George Washington Papers

To George Washington from George Lewis, 6 February 1795

From George Lewis

Fredericksburg [Va.] 6th of Feby 1795

Dr Sir

Your favour of the 18th Ult. with two Plats of land I receiv’d this day. my Mothers absence on a visit to my Sister Carter in Culpeper County, prevented my getting them sooner, as they were under cover to her, otherwise they would have been acknowledged ere this.

It is not in my power to say any thing of my own knowledge respecting your lands, nor have I been able to make any enquiery as yet of my Brother John, or others about them. at present can only say, that I have been told that the lands generally on Rough Creek were of a good quallity, and well watered, with respect to the settlement, I cannot say whether the country immediately on Rough Creek is settled or not. but rathar suppose there is a settlement. for if I am not mistaken, your lands are within a few miles of a small town on Green River called Hertford, about eighteen miles above the falls of said river, at which place there is also a small town called Vienna. the country arround those two places were settleing fast when I left Kentucky last spring1—I propose leaving home early in April, for Kentucky, with an intention to view my lands on green river if practicable with safety—and you may rest assured, I shall not be wanting in my personal and particular attention to your lands, and shall not fail to give you the earliest information, of there quallity advantages and Vallue.2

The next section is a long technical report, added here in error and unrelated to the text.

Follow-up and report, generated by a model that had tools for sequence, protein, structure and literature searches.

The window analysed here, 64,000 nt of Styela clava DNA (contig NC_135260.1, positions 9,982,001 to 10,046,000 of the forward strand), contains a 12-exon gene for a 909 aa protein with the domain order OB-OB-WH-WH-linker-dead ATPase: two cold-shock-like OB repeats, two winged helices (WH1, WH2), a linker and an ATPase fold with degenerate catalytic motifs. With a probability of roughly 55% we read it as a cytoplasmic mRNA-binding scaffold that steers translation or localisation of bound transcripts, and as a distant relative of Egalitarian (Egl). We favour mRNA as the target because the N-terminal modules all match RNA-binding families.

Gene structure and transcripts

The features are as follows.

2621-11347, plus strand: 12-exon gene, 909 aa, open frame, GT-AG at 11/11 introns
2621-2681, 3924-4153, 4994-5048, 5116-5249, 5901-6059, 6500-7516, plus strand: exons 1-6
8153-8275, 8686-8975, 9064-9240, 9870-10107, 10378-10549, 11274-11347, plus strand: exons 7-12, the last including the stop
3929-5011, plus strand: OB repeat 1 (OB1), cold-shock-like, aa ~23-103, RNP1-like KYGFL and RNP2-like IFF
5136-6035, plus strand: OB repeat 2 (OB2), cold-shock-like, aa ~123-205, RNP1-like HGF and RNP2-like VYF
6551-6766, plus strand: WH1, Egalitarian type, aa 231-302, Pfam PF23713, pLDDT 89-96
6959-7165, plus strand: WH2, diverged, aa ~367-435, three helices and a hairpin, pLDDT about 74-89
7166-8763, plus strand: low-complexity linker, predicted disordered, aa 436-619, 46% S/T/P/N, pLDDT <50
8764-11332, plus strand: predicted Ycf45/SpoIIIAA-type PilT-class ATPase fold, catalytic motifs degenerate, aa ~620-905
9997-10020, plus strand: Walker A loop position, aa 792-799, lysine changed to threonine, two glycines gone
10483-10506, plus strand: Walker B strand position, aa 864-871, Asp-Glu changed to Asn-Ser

My Mother Mrs Lewis and Harriot, request to be particularly remember’d, also unite with me in Love to my Aunt Washington. I am with respect Yr Affectionate Nephew

Go: Lewis

ALS, ViMtvL.

1Hartford, Ky., lies on the south side of the Rough River about eighteen miles west of GW’s land. Vienna, now Calhoun, Ky., is on the Green River about twenty-one miles west-northwest of Hartford.

2After returning from Kentucky, Lewis wrote GW on 18 July with an account of his efforts to view the lands. Even though he had made “every exertion,” Lewis found it impossible to obtain a good look at either his tracts or those of GW, but he was confident that GW’s land would be valuable if a nearby tract could be purchased (ALS, ViMtvL).

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